Friday, May 25, 2018
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Green realities

PRESIDENT Obama, during a visit to Ohio last week, overstated Toledo's progress in developing local alternative-energy industries. Imagine: a politician engaging in hyperbole.

The President's critics used his exaggerations as another opportunity to play "gotcha." His supporters glossed over or excused the misstatements. Neither response was adequate.

Instead, northwest Ohio should use Mr. Obama's remarks as an agenda for action. Ohio regulators, and elected officials of both parties, might ask what they can do to help reality catch up with the President's green rhetoric.

In his trip to Columbus, the President noted that the Toledo area "is becoming a leader" in clean-energy technology. That's true: Local private entrepreneurs are building and maintaining productive partnerships with public colleges and universities to advance solar-power research and development. The goal is to create spinoff companies that will attract investment, create jobs, and add tax revenue to the battered local economy.

Companies in the region - First Solar, Xunlight Corp., Willard & Kelsey Solar Group - are building solar panels and pursuing related technologies that are creating good jobs here, as Mr. Obama observed. Building new applications on northwest Ohio's extensive base in advanced manufacturing is smart policy that provides a model for other industries to emulate.

The problem is that Ohio, and especially Toledo, are losing the lead in solar power that they took several years ago. Of the 50 or so solar manufacturing projects funded by the President's stimulus package, few are in Ohio.

Other states, whose economies are in no better shape than Ohio's, are leapfrogging ahead in recruiting solar companies and encouraging creation of thousands of solar jobs. They are offering solar manufacturers more-generous incentives and more-attractive markets for their products.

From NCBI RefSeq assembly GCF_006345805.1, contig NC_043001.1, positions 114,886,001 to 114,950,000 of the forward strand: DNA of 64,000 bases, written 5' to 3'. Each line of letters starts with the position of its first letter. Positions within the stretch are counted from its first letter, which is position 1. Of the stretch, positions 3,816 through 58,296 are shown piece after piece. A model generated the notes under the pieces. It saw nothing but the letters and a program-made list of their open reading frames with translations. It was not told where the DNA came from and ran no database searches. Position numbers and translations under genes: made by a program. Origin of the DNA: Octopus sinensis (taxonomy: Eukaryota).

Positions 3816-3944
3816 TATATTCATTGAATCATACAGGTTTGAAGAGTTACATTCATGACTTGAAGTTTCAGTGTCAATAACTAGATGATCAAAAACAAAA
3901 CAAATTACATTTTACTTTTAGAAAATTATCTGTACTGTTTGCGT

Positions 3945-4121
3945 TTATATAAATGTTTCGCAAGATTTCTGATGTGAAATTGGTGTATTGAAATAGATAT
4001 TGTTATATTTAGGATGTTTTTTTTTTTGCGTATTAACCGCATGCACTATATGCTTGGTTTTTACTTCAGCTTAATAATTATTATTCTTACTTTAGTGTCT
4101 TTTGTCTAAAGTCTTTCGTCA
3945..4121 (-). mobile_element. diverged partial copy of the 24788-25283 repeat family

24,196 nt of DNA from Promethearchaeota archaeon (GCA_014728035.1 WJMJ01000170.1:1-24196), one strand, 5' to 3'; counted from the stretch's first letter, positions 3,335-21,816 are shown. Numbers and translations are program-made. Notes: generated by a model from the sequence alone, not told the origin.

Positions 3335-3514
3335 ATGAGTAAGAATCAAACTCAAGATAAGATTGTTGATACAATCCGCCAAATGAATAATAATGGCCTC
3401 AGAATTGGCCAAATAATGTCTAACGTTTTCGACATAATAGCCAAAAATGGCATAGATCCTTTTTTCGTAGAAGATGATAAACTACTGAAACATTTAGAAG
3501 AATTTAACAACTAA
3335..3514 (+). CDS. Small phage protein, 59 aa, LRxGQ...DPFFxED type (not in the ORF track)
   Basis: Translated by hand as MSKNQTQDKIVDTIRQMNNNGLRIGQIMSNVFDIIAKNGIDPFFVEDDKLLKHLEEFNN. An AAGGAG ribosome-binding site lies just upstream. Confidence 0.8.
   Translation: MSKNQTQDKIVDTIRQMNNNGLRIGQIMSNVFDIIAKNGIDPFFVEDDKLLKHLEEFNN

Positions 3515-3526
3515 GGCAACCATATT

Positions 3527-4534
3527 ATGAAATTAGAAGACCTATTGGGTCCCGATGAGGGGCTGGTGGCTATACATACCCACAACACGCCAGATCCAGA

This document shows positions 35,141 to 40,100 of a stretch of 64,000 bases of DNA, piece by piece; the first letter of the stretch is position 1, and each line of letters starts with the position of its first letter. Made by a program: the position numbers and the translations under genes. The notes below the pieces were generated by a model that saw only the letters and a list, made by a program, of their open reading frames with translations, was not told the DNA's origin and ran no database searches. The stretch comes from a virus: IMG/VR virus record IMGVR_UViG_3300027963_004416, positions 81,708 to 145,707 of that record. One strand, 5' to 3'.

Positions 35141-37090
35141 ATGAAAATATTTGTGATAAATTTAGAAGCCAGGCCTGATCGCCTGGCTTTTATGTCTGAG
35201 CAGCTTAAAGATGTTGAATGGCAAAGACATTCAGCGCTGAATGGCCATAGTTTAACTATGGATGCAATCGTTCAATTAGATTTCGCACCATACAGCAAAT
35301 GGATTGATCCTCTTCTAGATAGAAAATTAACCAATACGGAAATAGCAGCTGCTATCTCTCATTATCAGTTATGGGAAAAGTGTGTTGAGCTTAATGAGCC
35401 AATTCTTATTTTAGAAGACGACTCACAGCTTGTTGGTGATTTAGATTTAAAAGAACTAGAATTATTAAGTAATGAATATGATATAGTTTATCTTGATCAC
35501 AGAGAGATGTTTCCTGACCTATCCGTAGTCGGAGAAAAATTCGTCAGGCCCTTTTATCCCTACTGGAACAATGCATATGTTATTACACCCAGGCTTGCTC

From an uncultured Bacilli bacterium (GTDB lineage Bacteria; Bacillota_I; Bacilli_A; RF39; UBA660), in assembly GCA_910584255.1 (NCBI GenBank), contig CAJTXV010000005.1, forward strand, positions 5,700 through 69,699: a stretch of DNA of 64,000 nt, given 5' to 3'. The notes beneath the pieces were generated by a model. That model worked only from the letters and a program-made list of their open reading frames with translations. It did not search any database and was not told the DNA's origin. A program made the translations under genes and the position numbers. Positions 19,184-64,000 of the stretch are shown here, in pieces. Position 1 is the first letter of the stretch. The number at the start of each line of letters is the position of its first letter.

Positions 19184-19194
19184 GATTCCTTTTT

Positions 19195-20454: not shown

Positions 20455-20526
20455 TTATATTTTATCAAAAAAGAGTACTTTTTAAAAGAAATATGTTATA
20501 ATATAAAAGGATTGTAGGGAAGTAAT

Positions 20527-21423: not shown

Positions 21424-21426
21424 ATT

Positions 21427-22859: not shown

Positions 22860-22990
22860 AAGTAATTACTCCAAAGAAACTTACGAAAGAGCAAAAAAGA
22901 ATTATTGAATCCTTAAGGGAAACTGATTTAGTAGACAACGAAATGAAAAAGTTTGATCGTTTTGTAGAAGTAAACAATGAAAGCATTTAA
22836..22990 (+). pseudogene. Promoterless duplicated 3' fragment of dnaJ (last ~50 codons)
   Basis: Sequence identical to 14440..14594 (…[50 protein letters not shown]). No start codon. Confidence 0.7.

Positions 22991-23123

As the state stares down a potential $8 billion budget deficit next year, it can't afford to give away the store to solar companies or anyone else. But state officials can and should review current policies to determine whether they are creating unnecessary obstacles to continued growth of alternative-energy industries in Ohio.

This month, the Public Utilities Commission of Ohio approved a plan by FirstEnergy Corp. to convert a coal-fired plant in eastern Ohio to one of the nation's largest biomass facilities. The PUCO certified the plant as a renewable-energy facility, although the utility was vague about such things as where it will get the wood it plans to burn to power the biomass operation.

Environmental groups and consumer advocates note that FirstEnergy is getting special credits from the state, worth hundreds of millions of dollars, to convert and run the plant. That subsidy, they argue credibly, gives FirstEnergy an unfair advantage in competing with the state's producers of solar and wind power for alternative-energy customers.

This isn't the only example of public policy that could thwart the growth of green industries that officials say they want to promote. State law mandates that by 2025, one-eighth of electricity sold in Ohio will have to come from clean-energy and renewable sources, encouraging solar and wind-power development. The state is making grants and loans in the region to alternative-energy endeavors.

Yet other state taxing and spending strategies continue to favor old-line but politically powerful industries such as coal. Similarly, the federal government continues to subsidize greatly the indirect costs of fossil fuels such as coal and oil, as well as nuclear power, while other countries vastly outspend the United States on investments in clean energy.

In his comments during his Ohio visit, Mr. Obama cited Toledo's achievements in "wind turbines [and] advanced battery manufacturing." He got ahead of himself: Turbines and fuel-cell batteries, and many of the components needed to supply their production, aren't made locally.

But the University of Toledo is pursuing research in these areas, which are logical outgrowths of the region's solar industry. They also would be fertile fields for local manufacturers, government, and investors to explore.

Mr. Obama is correct that creating and nurturing alternative-energy companies makes economic as well as environmental sense. Instead of assailing the President for extolling local green-energy developments that haven't occurred yet, northwest Ohio might ask: Why the delay?

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